Geralyn and I were given free rein to handle the event as we pleased. We decided on an open Q&A where we’d each give a quick summary of our careers to date and answer a list of questions, allowing attendees to jump in and ask their own as we went along.
It started out with our brief recaps of entering and winning the contest, which is sponsored by the state’s libraries and is open to self-published authors only. We talked about what it’s been like to appear at libraries in the Chicago area and beyond. We touched upon our latest projects and how we were coming along. And then came the questions from those in the room, several of whom were authors themselves.
Which is when the magic happened.
I’ll confess: when I arrived, I wondered how we were going to fill 90 minutes. Soon enough, I wasn’t thinking about the time at all until I looked at my watch and realized we only had 15 minutes left—and we had to leave space for our host to explain the 2017 contest.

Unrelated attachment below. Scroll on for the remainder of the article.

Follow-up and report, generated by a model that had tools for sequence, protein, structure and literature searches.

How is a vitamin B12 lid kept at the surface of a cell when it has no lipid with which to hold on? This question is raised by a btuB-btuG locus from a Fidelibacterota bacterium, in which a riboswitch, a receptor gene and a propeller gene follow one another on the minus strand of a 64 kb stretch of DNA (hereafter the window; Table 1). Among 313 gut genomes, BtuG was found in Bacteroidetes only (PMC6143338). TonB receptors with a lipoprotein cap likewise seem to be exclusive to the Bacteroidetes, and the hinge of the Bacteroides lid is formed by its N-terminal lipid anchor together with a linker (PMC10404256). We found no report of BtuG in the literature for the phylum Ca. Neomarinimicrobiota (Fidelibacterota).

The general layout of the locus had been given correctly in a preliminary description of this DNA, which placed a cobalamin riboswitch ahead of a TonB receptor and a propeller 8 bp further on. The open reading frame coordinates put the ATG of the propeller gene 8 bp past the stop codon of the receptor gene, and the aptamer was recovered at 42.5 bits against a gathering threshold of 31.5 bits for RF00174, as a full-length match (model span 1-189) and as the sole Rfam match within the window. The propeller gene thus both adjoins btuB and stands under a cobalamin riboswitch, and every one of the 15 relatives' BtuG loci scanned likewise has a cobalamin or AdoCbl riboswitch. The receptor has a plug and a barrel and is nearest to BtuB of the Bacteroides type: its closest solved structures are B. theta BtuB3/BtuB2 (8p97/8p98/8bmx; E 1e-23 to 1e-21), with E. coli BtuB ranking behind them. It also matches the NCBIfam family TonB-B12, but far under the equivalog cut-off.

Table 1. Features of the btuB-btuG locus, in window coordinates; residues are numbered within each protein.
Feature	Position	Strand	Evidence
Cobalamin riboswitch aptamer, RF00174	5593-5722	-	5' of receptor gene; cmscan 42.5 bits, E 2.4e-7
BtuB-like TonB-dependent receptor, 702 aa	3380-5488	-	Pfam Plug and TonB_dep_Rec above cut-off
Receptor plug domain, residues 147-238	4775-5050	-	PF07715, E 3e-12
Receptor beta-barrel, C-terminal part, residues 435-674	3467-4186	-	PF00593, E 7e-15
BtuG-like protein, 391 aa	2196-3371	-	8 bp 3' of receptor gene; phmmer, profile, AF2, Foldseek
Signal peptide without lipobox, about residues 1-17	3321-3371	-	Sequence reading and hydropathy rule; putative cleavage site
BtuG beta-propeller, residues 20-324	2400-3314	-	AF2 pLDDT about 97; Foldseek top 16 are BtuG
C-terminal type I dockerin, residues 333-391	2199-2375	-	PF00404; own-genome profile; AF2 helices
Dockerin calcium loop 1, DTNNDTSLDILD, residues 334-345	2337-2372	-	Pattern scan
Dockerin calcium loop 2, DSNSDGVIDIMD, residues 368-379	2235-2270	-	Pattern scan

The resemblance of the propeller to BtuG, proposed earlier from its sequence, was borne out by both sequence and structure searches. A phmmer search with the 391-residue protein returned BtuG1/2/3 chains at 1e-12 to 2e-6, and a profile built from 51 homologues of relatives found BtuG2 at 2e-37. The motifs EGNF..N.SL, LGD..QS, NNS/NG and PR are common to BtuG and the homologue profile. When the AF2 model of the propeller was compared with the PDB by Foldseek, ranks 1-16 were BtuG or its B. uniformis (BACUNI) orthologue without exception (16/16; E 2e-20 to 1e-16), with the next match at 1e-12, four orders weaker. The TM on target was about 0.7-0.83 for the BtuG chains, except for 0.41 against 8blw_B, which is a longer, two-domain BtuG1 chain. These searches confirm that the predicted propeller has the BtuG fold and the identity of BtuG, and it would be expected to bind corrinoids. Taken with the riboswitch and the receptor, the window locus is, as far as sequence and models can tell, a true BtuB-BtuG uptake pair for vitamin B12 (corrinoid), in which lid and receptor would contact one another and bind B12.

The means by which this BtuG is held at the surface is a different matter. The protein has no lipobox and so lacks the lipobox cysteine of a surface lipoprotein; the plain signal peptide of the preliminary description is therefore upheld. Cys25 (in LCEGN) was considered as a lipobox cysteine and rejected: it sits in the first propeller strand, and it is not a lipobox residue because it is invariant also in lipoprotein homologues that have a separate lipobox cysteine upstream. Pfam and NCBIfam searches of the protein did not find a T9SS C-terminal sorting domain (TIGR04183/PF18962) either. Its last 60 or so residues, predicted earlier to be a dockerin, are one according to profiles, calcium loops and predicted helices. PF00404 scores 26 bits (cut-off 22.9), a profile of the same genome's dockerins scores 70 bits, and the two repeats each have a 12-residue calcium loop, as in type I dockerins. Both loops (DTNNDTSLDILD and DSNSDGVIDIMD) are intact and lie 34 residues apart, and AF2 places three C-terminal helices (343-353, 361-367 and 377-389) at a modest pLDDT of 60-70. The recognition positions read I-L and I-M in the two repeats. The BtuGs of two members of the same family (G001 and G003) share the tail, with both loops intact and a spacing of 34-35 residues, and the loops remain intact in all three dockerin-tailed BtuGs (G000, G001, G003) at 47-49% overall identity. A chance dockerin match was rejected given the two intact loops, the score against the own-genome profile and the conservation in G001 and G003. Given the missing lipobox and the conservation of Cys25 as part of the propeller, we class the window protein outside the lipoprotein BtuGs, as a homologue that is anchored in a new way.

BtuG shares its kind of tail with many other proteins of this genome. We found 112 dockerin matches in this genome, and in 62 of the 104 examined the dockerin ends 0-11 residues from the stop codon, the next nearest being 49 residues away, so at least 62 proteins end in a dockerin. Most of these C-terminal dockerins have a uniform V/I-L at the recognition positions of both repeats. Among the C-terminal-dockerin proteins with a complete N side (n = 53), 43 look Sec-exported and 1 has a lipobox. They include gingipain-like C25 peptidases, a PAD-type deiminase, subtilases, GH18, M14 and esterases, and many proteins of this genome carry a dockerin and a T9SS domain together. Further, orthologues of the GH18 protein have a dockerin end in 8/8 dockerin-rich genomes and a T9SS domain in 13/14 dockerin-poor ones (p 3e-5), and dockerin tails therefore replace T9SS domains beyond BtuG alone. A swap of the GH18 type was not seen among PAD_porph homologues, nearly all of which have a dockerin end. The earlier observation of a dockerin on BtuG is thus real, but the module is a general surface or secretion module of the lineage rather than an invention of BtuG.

A creative community sprang up out of nowhere. Discussions ranged from how young people read nowadays to why the best way of working is whatever gets you to “The End.” One woman wondered how the kids reading her book would ever know what a cold-water flat is. (I told her I think it’s fair to expect readers to do a bit of research rather than having to explain everything to death.) Another had more nuts-and-bolts platform and publishing questions.
By the time we’d finished, I’d agreed to help Geralyn with Scrivener, and we’d all seen what happens when you put newly empowered authors in a room and get them talking. In the past, the conversation might have been all about how to write a query letter and land an agent. Now it was about writing and editing a story, then getting it out into the world and finding an audience for it.
None of us have identical processes. Each of us is in a difference place, career-wise. Nobody’s blowing the doors off in terms of sales, and that’s perfectly all right. In this new world, as Hugh Howey has said more than once, you’re never a failure unless you quit. You’re just someone who hasn’t succeeded yet.
As any self-respecting Spider-Man fan knows, with great power comes great responsibility. And in the world of indie authors, we have both for the first time. We have the power to pilot our own careers and the responsibility to learn and grow while doing so. That’s far preferable to waiting for someone to choose me and treat me fairly.
It’s a great time to be indie. And this afternoon in Elgin, that was as clear as Indie Author Day.